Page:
South African Fees Protests force Universities to adopt alternative teaching means
Fees must fall protests have forced universities to look at alternative ways to teach students, including online services and creative new lecture venues.
University of Pretoria Professor, Norman Duncan, says their students are on track to write their exams at the end of the year, despite the disruptive fees must fall protests.
This is because a quarter of all courses are available online and some lectures have been moved to alternative facilities including coffee shops.
He says the current crisis has shown the weakness in the traditional education system.
“We have to think of new ways of doing things, and certainly the online platform broadened the way we can make education accessible to more people.”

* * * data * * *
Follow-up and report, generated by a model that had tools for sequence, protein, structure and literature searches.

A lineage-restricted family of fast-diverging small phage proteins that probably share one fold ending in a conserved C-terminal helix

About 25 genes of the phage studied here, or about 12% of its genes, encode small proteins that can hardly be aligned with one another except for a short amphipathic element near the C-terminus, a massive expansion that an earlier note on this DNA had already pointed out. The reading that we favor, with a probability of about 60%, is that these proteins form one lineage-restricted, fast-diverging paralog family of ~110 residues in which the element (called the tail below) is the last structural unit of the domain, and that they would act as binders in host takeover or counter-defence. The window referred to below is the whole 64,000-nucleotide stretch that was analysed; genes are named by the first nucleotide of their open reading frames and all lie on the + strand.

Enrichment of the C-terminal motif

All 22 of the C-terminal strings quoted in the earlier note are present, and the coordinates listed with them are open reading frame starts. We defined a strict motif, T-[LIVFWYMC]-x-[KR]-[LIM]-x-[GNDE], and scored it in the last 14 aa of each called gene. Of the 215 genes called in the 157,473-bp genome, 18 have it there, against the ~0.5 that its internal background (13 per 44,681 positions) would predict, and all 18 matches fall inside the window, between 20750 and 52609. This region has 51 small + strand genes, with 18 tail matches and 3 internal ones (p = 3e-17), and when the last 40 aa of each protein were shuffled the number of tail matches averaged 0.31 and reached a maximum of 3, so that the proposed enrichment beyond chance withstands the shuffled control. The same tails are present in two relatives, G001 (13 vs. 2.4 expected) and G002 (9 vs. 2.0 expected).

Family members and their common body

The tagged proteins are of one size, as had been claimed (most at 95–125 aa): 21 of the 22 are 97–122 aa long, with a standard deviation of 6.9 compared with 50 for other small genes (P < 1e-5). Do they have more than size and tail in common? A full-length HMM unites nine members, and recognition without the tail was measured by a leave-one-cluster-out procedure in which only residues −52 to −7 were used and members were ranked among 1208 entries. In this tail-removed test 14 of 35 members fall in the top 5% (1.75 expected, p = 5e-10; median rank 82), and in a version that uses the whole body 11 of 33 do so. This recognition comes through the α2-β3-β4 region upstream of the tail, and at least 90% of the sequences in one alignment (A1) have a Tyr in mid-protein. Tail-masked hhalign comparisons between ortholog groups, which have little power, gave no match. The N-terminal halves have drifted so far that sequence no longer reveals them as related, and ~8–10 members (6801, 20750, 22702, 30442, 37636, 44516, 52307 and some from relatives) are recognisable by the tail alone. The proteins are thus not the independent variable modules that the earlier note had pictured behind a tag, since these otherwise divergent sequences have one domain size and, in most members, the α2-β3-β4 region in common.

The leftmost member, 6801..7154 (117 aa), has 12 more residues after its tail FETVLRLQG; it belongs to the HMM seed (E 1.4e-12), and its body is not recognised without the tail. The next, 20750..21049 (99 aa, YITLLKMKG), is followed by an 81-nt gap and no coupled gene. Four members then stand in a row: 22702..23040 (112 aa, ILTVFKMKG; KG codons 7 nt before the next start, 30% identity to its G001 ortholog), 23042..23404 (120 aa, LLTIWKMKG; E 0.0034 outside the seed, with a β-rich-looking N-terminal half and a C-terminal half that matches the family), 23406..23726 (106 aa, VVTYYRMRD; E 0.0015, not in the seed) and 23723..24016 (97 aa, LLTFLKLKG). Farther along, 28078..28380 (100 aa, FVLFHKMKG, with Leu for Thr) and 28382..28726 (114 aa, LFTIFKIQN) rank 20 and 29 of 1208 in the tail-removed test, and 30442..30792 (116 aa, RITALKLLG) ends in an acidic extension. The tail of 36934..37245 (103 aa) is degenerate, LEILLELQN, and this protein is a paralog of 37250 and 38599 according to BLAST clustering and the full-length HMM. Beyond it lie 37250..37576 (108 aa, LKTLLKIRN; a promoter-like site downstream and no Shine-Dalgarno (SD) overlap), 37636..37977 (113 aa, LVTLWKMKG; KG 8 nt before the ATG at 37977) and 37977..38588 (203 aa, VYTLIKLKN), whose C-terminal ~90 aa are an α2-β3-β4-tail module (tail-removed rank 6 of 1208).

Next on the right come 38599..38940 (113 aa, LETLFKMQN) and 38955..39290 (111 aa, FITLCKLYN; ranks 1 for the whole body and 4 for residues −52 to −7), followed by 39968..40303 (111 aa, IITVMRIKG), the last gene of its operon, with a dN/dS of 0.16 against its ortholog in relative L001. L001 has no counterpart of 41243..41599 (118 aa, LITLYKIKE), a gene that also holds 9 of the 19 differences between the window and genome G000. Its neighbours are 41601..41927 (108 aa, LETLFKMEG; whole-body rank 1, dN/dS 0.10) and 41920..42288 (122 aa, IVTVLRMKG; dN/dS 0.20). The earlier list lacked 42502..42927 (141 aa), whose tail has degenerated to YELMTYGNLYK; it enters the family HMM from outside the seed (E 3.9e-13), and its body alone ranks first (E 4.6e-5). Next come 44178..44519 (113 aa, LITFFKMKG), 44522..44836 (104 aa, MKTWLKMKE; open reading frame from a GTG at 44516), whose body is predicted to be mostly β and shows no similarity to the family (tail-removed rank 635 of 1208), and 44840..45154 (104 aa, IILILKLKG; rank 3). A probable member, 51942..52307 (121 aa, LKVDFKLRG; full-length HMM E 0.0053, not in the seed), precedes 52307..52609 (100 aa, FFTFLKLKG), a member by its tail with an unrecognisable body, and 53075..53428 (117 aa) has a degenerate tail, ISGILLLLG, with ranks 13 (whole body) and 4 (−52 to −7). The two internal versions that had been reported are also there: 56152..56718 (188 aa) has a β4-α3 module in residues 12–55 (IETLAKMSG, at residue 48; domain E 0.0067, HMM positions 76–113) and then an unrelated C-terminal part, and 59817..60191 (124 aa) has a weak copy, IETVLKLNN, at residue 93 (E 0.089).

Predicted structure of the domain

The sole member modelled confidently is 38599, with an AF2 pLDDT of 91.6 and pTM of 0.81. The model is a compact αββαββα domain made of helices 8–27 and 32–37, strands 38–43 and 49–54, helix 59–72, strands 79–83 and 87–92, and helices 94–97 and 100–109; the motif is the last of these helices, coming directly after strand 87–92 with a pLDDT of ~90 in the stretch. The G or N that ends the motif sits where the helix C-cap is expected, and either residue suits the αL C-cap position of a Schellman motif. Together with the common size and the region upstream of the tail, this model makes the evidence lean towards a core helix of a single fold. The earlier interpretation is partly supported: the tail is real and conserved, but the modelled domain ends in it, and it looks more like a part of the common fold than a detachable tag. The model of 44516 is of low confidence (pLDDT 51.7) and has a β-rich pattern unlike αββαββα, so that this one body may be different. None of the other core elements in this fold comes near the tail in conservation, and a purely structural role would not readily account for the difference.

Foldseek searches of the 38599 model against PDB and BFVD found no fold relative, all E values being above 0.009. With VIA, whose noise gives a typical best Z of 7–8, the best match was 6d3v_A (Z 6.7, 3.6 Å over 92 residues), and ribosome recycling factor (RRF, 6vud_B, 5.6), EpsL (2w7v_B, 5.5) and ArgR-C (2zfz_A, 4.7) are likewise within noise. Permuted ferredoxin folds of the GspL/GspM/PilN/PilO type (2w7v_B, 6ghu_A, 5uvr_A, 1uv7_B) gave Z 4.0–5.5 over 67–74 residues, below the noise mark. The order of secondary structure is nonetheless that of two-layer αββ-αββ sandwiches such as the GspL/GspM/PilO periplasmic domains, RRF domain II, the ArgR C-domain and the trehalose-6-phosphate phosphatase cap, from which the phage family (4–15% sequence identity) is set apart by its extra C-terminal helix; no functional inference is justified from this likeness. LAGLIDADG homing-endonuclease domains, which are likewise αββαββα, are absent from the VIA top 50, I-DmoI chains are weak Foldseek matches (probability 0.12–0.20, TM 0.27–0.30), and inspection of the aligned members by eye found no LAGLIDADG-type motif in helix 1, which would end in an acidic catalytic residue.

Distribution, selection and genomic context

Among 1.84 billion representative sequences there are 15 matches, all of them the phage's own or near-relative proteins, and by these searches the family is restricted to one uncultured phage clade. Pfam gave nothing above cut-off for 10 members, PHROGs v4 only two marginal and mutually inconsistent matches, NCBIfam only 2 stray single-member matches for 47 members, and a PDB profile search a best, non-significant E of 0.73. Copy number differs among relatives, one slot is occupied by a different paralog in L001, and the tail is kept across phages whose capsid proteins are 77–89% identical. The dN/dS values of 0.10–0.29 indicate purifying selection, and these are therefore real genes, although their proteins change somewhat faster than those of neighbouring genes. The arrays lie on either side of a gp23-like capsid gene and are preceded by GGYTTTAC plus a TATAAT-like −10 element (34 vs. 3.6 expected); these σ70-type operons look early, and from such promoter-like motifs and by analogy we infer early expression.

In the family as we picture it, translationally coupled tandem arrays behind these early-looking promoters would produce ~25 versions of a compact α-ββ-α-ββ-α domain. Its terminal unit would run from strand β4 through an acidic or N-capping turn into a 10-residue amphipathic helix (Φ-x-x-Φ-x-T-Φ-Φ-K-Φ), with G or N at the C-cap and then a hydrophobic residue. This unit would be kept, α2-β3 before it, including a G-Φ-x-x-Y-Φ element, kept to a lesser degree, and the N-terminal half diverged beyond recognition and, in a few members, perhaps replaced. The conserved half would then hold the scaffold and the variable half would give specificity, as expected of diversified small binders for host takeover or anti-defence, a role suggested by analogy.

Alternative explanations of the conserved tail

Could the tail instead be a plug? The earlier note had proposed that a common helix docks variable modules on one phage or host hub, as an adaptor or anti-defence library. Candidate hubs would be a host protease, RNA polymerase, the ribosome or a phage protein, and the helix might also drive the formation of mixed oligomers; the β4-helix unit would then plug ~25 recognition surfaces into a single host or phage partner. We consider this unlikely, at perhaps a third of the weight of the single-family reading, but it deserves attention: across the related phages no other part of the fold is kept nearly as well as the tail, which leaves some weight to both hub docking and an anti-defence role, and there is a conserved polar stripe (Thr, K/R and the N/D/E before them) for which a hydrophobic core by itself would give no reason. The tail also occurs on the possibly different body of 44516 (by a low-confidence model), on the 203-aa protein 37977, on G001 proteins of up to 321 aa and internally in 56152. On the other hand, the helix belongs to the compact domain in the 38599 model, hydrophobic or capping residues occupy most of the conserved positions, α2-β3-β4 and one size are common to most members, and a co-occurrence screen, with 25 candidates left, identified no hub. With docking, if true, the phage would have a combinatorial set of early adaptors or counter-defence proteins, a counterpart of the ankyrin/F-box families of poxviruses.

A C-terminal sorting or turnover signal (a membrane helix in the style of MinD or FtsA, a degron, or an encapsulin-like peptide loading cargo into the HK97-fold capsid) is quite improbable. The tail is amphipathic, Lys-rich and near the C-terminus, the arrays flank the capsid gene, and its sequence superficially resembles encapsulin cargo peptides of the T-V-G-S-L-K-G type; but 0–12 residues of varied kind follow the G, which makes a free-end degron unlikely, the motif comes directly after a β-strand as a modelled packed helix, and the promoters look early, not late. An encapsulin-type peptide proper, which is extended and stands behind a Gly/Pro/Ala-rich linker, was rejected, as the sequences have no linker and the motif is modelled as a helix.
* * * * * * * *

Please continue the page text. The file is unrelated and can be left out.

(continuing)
“But our infrastructure won’t allow us to accommodate everyone who needs an education for the 21st century if we only do it the traditional way. We have to look at other ways.”
Meanwhile, Universities and students were the biggest winners in Minister of Finance Pravin Gordhan’s medium-term budget policy statement.
Just over R7 billion will go to universities to compensate for students whose parents earn less than R600 000 a year, while just over R9 billion will go to the National Student Financial Aid Scheme.